I've also got a pair of Mission Workshop Mission jeans...they're priced beyond what I'd normally consider for pants, but they're far and away the best pants I've ever owned. I've worn them all weekend camping and then to work (when I had an office job) on Monday, without washing them. They're comfy, stretchy, but still look good and work with runners or nice shoes, a t-shirt or a button down. Outstanding versatility and durability and they're still going despite a lot of washings and being worn 200 days a year for two years (no joke). Worth $200? Given what I just wrote, yeah, I think they have been - to me.

Reply

AndrewMajor
0
Andrew Major  - Nov. 27, 2019, 8 p.m.

Suddenly beyond interested in the Haskell pant... thanks Jon?!?!!!???

Reply

lev
+1 Andrew Major
Lev  - Nov. 25, 2019, 2:18 p.m.

What frame and fork is that?

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AndrewMajor
0
Andrew Major  - Nov. 25, 2019, 3:58 p.m.

That’s my custom rigid Waltworks V.1 w/ paint by Toxik Harald. It’s a non-suspension corrected rigid bike designed around riding Black+ trails on the Shore.

~1190-1210mm WB (sitting at ~1210mm with this gearing) | 66-HTA static

Reply

lev
0
Lev  - Nov. 25, 2019, 4:35 p.m.

Thanks, I like it. It sent me on a rigid internet odyssey.  Is the geo working?

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AndrewMajor
0
Andrew Major  - Nov. 25, 2019, 7:20 p.m.

It's been a journey. I've owned quite a few rigid bikes over the year but just as Shore-XC rigs until I started experimenting using a Kona Explosif (67° HTA) with a rigid fork and a 29+ front wheel which combined preserved the sagged geometry of the Explosif with a 140mm travel fork and a 27" wheel. I really enjoyed the bike but wished for a longer rear center and also for a 29" rear wheel as running the mullet (27x2.6" rear) rigid I found there were places the bike didn't pump-and-roll through terrain as well as I knew a dual 29" would.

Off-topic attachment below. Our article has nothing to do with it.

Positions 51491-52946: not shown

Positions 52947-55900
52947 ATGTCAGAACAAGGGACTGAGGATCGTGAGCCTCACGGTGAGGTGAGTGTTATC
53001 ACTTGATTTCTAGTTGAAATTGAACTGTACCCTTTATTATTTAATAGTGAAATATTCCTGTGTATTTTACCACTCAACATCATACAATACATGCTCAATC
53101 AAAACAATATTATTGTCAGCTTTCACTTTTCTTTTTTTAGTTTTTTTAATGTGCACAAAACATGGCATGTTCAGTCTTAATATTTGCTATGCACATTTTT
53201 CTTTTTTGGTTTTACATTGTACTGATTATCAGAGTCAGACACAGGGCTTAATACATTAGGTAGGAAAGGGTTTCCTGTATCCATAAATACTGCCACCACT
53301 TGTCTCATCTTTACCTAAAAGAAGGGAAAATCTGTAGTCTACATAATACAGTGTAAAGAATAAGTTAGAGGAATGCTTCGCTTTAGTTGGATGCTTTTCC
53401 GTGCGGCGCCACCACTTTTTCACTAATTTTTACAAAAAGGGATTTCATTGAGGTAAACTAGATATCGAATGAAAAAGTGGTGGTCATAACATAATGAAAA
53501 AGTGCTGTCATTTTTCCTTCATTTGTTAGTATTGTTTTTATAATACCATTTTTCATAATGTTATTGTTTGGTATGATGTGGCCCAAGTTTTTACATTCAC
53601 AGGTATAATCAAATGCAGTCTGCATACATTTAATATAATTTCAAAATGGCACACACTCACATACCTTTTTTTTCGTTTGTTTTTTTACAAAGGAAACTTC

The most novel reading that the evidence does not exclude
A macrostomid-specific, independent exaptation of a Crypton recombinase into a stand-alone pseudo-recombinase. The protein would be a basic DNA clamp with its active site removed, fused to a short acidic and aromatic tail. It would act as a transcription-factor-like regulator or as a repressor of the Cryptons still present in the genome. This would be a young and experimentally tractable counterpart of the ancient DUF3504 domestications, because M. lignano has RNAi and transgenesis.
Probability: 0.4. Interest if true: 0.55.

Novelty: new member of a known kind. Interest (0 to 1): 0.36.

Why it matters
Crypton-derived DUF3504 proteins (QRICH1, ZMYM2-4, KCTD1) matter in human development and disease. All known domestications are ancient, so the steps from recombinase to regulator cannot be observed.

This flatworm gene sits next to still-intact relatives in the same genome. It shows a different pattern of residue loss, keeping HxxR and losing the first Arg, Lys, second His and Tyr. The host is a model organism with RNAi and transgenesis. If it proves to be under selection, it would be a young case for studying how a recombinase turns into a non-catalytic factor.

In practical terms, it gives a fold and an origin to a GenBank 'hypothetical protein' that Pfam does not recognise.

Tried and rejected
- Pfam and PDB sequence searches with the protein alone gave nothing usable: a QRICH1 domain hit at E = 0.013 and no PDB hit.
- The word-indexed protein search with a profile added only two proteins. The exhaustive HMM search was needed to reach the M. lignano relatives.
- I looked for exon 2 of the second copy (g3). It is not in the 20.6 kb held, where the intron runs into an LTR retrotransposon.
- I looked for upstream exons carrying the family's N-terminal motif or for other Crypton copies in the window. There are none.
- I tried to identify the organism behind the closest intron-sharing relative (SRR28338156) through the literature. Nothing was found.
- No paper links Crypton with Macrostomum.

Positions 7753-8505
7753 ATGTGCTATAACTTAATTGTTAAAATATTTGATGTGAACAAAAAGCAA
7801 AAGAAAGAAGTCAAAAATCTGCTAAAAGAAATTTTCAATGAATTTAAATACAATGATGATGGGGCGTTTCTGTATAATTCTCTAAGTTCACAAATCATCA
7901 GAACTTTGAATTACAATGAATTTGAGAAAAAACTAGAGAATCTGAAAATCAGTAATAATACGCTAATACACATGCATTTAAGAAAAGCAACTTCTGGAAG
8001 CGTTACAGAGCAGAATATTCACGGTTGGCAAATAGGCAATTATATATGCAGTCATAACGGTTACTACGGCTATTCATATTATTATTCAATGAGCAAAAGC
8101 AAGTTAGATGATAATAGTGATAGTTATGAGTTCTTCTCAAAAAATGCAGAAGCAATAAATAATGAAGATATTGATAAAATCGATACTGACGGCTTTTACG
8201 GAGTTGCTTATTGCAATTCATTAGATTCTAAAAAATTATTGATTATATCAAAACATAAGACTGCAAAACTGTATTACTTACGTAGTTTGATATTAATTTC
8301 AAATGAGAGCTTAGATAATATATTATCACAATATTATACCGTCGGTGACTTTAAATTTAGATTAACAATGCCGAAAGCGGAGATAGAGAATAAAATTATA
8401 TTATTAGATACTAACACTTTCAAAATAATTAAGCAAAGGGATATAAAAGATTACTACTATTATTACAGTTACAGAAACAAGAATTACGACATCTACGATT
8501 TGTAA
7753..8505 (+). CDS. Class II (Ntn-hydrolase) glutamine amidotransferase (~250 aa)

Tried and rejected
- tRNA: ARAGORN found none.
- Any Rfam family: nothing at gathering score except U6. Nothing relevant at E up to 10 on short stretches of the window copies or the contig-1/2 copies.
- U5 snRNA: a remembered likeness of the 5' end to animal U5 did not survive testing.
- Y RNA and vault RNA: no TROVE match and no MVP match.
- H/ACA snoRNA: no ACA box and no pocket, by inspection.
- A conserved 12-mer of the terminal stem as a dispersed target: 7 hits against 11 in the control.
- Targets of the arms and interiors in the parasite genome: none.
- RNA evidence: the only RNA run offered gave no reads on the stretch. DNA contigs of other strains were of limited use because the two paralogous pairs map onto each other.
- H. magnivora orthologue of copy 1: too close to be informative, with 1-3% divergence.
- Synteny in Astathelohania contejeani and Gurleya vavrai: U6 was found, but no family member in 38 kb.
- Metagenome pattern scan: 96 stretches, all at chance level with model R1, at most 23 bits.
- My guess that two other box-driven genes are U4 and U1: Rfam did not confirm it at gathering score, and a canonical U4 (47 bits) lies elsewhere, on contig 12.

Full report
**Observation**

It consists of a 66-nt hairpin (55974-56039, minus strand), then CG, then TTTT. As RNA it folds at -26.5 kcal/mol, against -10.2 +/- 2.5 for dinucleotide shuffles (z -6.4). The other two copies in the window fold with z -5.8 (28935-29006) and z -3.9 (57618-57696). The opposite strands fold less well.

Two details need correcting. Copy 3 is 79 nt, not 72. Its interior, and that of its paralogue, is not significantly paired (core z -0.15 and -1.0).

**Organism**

Walt had built me the rigid fork for the Explosif and the fork was holding up great and V.1 was an extension of that bike. Clearance for 29x2.6" out back with a longer rear center (currently sitting about 450mm) another degree slacker up front with a longer front-center and a slightly reduced fork offset. 

This year I've managed to clean Bookwus and Upper Digger on V.1 so it's far exceeded my goals. There's a review pending but running the Plus-sized CushCore is a surprising part of that - I think CushCore is a fantastic product in general but certainly, a rigid bike is the most obvious way to feel the difference. 

The V.1 is long but not unwieldy or at least the bike can be muscled into most situations. The weight distribution is almost exactly where I'd like it. It's part of a process for me - I'd love to learn to weld and have space and time to play with all my ideas - and by the end of this year or early in 2020 I'll be riding V.2 full time. It grows significantly with a wheelbase that will vary between ~1240-1260 depending on the rocker position (gearing dependent) and has a slacker HTA, further reduced offset, and longer front-center to boot. It'll definitely require an adjustment period but I'm excited to learn to ride it and see if I've gone too far.

Reply

lev
+1 Andrew Major
Lev  - Nov. 26, 2019, 2:57 a.m.

That's some in-depth trialling going on Andrew.  I'm chuffed with myself for experimenting with stem length!  

Thanks for taking the time to answer.

Reply

AndrewMajor
0
Andrew Major  - Nov. 26, 2019, 6:03 a.m.

Ha, yes it’s become a bit of an obsession or quest for lack of better works. I do plan to eventually write about the process going back to my Monocog.

Thanks for reading!